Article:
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Honestly, the assessment process should take 6-9 months, 12 months in exceptional circumstances.
 
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Discussion Starter · #10 ·
^^
Yep coming from Brisbane, which has a much faster and more streamlined development assessment process, Sydney was (and still is) a shock to the system.

Brisbane has a tiered development assessment process with:
  • Code assessment: these are typically for smaller projects (such as a new restaurant or bar fitout), do not require public exhibition and are quick to assess
  • Impact assessment: these are typically for bigger projects (such as a new tower), require public exhibition and take longer to assess.

Two key distinctions between Impact Assessment in Brisbane and the Sydney planning system are
  • There is no need to lodge a Stage 1 DA in Brisbane, only a Stage 2 DA
  • There is no need to undertake a design competition in Brisbane, only a Stage 2 DA

As a result, big developments are assessed and approved in a much quicker timeframe in Brisbane. This gives confidence to developers and helps mitigate a backlog in development assessments for Council.

I would like to see Stage 1 DAs waived in Sydney for those developments that are compliant with Local Environmental Plans (height, FSR, land use, parking provision etc). Furthermore, Development Control Plans could be strengthened by Councils to eliminate the need for design competitions (you could identified character areas in the City of Sydney for example that influence the design process prior to a Stage 2 DA being lodged…that might be a requirement for sandstone in the podium of a new CBD tower, sunshades for west facing facades or terraces that step back to higher development on inner city high streets).
 

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Every inch of this entire block is lined with gorgeous victorian facades. I wonder how they're planning on carving out a modern entrance for this tower
 

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sky---depends if this goes through state planning or scc.
as a planning proposal or regular da.
sounds like this company is keen so things will move quicker.
 

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Every inch of this entire block is lined with gorgeous victorian facades. I wonder how they're planning on carving out a modern entrance for this tower
the king st entry ,
im sure they will work something out
 

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so where is the 200m height from? i worked out that tower is about 220m. so its in a 330m zone? why wouldnt they go for height?
 

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Is the site large enough to reach 330m? It seems to be about two thirds the area of the 56 Pitt site.
 

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Fsr is the issue ,being office you need larger floors which lowers the height ,yes over 2000sqm means it's a super tower so it gets bonus fsr and height, maybe 200-235m will be max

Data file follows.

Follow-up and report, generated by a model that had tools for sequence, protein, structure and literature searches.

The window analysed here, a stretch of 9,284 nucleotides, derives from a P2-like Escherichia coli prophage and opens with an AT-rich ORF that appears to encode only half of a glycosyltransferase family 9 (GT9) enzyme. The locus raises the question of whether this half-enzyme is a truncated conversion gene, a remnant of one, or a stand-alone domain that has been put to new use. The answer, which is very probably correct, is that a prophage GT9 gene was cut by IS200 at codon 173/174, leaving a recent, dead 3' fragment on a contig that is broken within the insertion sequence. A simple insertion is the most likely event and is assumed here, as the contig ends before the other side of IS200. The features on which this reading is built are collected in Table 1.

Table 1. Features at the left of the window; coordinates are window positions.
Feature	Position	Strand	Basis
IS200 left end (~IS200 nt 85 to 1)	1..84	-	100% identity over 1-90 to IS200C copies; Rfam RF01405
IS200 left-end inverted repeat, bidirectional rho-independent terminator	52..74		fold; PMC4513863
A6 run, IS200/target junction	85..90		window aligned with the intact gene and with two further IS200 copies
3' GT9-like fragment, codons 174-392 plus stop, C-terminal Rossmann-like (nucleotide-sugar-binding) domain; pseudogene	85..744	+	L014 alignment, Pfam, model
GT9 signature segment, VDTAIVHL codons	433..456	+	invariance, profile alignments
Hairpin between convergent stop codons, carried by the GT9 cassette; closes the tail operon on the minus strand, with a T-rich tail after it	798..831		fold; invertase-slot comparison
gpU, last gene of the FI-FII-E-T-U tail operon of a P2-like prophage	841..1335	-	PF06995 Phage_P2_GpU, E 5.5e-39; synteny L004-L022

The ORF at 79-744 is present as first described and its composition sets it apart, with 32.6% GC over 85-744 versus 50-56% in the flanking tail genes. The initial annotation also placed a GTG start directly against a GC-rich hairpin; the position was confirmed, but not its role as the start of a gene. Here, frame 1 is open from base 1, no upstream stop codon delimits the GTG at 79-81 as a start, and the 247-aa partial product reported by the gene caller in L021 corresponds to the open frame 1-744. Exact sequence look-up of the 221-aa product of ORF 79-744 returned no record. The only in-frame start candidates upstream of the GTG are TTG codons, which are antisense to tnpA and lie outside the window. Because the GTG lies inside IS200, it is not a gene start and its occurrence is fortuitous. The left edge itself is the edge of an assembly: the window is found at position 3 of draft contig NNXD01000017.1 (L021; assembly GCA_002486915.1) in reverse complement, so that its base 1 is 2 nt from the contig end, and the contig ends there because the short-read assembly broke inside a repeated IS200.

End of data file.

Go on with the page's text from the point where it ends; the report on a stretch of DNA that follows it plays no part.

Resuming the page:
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^^
Yep coming from Brisbane, which has a much faster and more streamlined development assessment process, Sydney was (and still is) a shock to the system.

Brisbane has a tiered development assessment process with:
  • Code assessment: these are typically for smaller projects (such as a new restaurant or bar fitout), do not require public exhibition and are quick to assess
  • Impact assessment: these are typically for bigger projects (such as a new tower), require public exhibition and take longer to assess.

Two key distinctions between Impact Assessment in Brisbane and the Sydney planning system are
  • There is no need to lodge a Stage 1 DA in Brisbane, only a Stage 2 DA
  • There is no need to undertake a design competition in Brisbane, only a Stage 2 DA

As a result, big developments are assessed and approved in a much quicker timeframe in Brisbane. This gives confidence to developers and helps mitigate a backlog in development assessments for Council.

I would like to see Stage 1 DAs waived in Sydney for those developments that are compliant with Local Environmental Plans (height, FSR, land use, parking provision etc). Furthermore, Development Control Plans could be strengthened by Councils to eliminate the need for design competitions (you could identified character areas in the City of Sydney for example that influence the design process prior to a Stage 2 DA being lodged…that might be a requirement for sandstone in the podium of a new CBD tower, sunshades for west facing facades or terraces that step back to higher development on inner city high streets).
Sorry sky, even though I agree the whole process is such a drag here and timeframe could be cut in half (there should be a mandate on this), but the above reason is why there is so much shite buildings going up in Brisbane.
 

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The planning and approval process is bureaucratic and byzantine but to toss the design competitions to improve timing and cost would be a retrograde step given how many excellent, unexpected and exciting designs the competitions have given, way beyond what would result from the usual process of engaging an architect and proceeding with whatever that architect comes up with as long as it fulfils council regulations.
 

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It's a stringent process that theoretically (and often does most of the time) result in stunning, top notch designs. However, stuff like Greenland and the Castle Residences have somehow still managed to sneak through to approval